I think it’s only fair, after looking at the way the French language uses pseudo-anglicisms (a lovely term I came across earlier), it’s only fair that I take a corresponding look at foreign words we use in English, and how their use is different from in their original language. Unsurprisingly, we use a lot of foreign terms, and with most English speakers being monolingual, we don’t always use them as they were originally intended.
Not that that necessarily means we’re wrong. Words change meaning all the time, particularly when they move from one language to another. French speakers aren’t wrong to call a car park un parking, or call jogging footing (another one I’ve just remembered). They’re just using the words differently from us. It might sound odd to us, but not to them. The same caveat therefore applies to the following uses of non-English terms:
Oh là là: First, note the single O – I mentioned in relation to shampooing that standard French doesn’t feature a double O (they don’t even say it: James Bond is zéro zéro sept!) The sound of Oh is therefore just… O. It’s understandable that we didn’t transfer the accents over the A‘s as we don’t use those in English. Most importantly though, the meaning is quite different. In English it can be used in a few different contexts, but it’s generally used with an air of coyness or sexual suggestion, or ironically at something (apparently) extravagant. In French though, it’s generally not used like this, and is in fact a general interjection, which can express surprise, but also dismay or annoyance. You might use it to refer to a traffic jam, a surprising moment in a film, or when your team score a goal in a football match. The closest English equivalent would be something as flexible as Oh my God!
Mano a mano: this one’s not really used incorrectly. Referring to a one-on-one confrontation, it’s Spanish and means hand-to-hand, as in a physical fight. So it’s not wrong at all to use it to refer to a confrontation. What people do get wrong is that they assume it means man-to-man in Spanish.
Entrée: used only in American English (the rest of us say main course), in French this refers to a starter (appetizer). Again though, it’s not strictly wrong, as use of entrée dates back to times when lavish meals consisted of many courses, and the equivalent of modern starters could be quite large, and still preceded by smaller course. It’s quite complicated, but it’s not as illogical as it seems at first glance, trust me.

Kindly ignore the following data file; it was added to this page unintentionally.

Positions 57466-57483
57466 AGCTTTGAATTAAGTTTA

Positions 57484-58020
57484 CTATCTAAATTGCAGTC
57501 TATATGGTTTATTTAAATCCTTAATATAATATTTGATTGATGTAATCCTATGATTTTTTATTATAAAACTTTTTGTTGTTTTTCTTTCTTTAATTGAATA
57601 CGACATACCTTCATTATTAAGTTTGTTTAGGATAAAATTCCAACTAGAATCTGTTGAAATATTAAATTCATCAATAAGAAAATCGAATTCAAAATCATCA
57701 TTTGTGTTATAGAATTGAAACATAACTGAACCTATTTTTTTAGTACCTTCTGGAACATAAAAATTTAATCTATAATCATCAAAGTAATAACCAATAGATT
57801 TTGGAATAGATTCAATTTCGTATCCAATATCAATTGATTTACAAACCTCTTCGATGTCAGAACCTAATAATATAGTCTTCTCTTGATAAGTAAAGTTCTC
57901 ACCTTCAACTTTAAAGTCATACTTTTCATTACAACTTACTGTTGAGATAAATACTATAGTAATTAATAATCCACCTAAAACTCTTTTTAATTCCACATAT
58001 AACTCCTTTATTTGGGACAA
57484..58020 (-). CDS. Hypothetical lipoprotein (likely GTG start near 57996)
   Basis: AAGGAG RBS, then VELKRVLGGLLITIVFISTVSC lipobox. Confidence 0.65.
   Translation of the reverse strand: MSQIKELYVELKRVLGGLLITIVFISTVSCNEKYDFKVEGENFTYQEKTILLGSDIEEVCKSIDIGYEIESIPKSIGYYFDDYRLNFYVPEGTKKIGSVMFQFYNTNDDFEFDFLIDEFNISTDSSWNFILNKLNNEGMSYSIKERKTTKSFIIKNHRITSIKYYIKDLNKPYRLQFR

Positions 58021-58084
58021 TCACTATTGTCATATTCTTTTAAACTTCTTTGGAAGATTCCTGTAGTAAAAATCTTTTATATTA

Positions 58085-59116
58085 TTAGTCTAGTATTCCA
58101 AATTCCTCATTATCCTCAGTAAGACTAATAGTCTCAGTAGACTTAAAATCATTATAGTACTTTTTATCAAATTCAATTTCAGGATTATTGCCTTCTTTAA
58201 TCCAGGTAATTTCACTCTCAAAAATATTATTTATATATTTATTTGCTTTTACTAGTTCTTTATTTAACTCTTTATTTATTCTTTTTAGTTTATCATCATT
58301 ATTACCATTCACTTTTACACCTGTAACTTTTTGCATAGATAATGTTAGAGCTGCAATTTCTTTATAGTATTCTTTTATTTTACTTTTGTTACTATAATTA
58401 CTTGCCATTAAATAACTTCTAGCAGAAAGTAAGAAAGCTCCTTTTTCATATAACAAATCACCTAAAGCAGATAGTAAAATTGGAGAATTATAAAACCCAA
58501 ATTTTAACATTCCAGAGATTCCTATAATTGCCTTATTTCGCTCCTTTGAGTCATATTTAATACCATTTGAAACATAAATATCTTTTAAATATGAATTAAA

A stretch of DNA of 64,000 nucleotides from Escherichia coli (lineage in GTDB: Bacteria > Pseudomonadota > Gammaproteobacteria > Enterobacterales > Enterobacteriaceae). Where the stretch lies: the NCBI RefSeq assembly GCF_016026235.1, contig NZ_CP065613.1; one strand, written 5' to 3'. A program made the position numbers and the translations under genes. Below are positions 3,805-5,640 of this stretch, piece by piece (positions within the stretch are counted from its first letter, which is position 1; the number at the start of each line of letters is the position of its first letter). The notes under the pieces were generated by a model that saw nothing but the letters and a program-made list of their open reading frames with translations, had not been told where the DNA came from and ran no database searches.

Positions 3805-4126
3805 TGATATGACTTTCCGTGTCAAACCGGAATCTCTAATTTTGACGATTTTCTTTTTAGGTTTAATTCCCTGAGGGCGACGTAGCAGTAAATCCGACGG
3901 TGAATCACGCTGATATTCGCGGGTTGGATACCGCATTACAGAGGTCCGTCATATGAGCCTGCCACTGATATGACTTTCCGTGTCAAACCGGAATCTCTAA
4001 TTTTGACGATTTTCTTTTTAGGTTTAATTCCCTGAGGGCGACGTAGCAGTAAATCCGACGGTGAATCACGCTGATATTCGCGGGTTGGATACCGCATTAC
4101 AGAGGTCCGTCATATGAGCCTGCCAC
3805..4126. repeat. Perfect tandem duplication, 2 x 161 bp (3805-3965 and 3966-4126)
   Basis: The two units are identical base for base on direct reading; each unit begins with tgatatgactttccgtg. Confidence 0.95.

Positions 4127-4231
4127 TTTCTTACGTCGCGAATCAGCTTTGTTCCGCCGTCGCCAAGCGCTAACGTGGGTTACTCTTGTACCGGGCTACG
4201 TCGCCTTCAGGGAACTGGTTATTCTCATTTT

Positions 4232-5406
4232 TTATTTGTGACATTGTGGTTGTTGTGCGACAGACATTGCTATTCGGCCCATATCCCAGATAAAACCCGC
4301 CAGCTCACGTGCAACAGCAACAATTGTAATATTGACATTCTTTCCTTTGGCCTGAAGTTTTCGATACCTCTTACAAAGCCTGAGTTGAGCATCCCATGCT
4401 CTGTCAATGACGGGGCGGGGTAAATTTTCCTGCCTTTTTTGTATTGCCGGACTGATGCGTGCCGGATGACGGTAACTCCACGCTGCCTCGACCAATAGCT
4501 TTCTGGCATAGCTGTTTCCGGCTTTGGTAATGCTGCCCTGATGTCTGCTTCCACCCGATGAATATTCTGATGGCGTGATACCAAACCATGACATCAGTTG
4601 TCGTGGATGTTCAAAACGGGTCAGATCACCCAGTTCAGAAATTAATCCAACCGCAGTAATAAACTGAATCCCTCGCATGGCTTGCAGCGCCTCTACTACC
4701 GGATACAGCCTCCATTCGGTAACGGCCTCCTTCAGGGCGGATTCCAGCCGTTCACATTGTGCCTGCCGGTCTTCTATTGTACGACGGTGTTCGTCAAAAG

Forte: again, it’d be a little pedantic to say this is wrong. The origin of this word, meaning a person’s particular strength or speciality, is in medieval French. To this day, forte is the feminine form of the adjecitve meaning strong in French. As it’s from French then, the E should be silent. But we also the musical term forte, meaning to be played loudly or strongly. As this word is originally Italian, the E is pronounced like ay. So we are strictly pronouncing forte wrong, when we’re not referring to music. But again, there’s no confusion of meaning. Plus, if we don’t pronounce the E when we say my forte, people might think we’re referring to our little fort we’ve made out of pillows.
There are a few more I could choose, but to be honest, I don’t want to nitpick. Most of them are only slightly different from their original meaning, and would be easily understood by speakers of the original language. Most importantly, we tend to use foreign words and expressions as the same basic part of speech as their original language. We use adjectives as adjectives, countable nouns as countable nouns, and interjections as interjections. Sometimes though, other languages will take English words and use them as different types of word, which makes them sound a bit uncanny to our ear. Like how French uses parking, zoning, and shampooing as countable nouns instead of uncountable nouns, present participles, or gerunds.
I think part of the reason for this disparity is that a lot of English loanwords are French or Latin, and came into English in medieval times when French and Latin were fairly widely used in Britain in elite circles. People were therefore exposed to correct French and Latin regularly, and when expressions from these languages entered English, their meaning stayed the same. In more recent times, loanwords that entered English through American English would likely have been encountered by immigrants using them, so again, there’s direct exposure to their accurate use. Therefore, for example, words for different foods enter English and keep their original language.
In much of the rest of the world though, people aren’t regularly exposed directly to English. In many European countries for example, English is somewhat “cool,” but when people watch English-language films or TV, it’s dubbed into their own language. They still come across English here and there, but not enough that the precise meanings and uses of words will always be understood. And the meaning shifts gradually as it’s passed from one person to another, like Chinese whispers. And then we end up with words like shampooing.
And that’s a world I’m happy to live in. Sure, shampooing seems odd to me, but I like that! I can’t help but smile when I see it in the supermarket. And even if we don’t use words from other languages absolutely “correctly,” at least it shows we’re still open to exchange with other cultures. Plus, if a word changes meaning when being used in another language, that just means we’ve added a new word to the vocabulary of our language, and the world is that little bit richer for it.
7 thoughts on “Foreign Words in English: Are we Getting them Wrong? (Not Really, No)”
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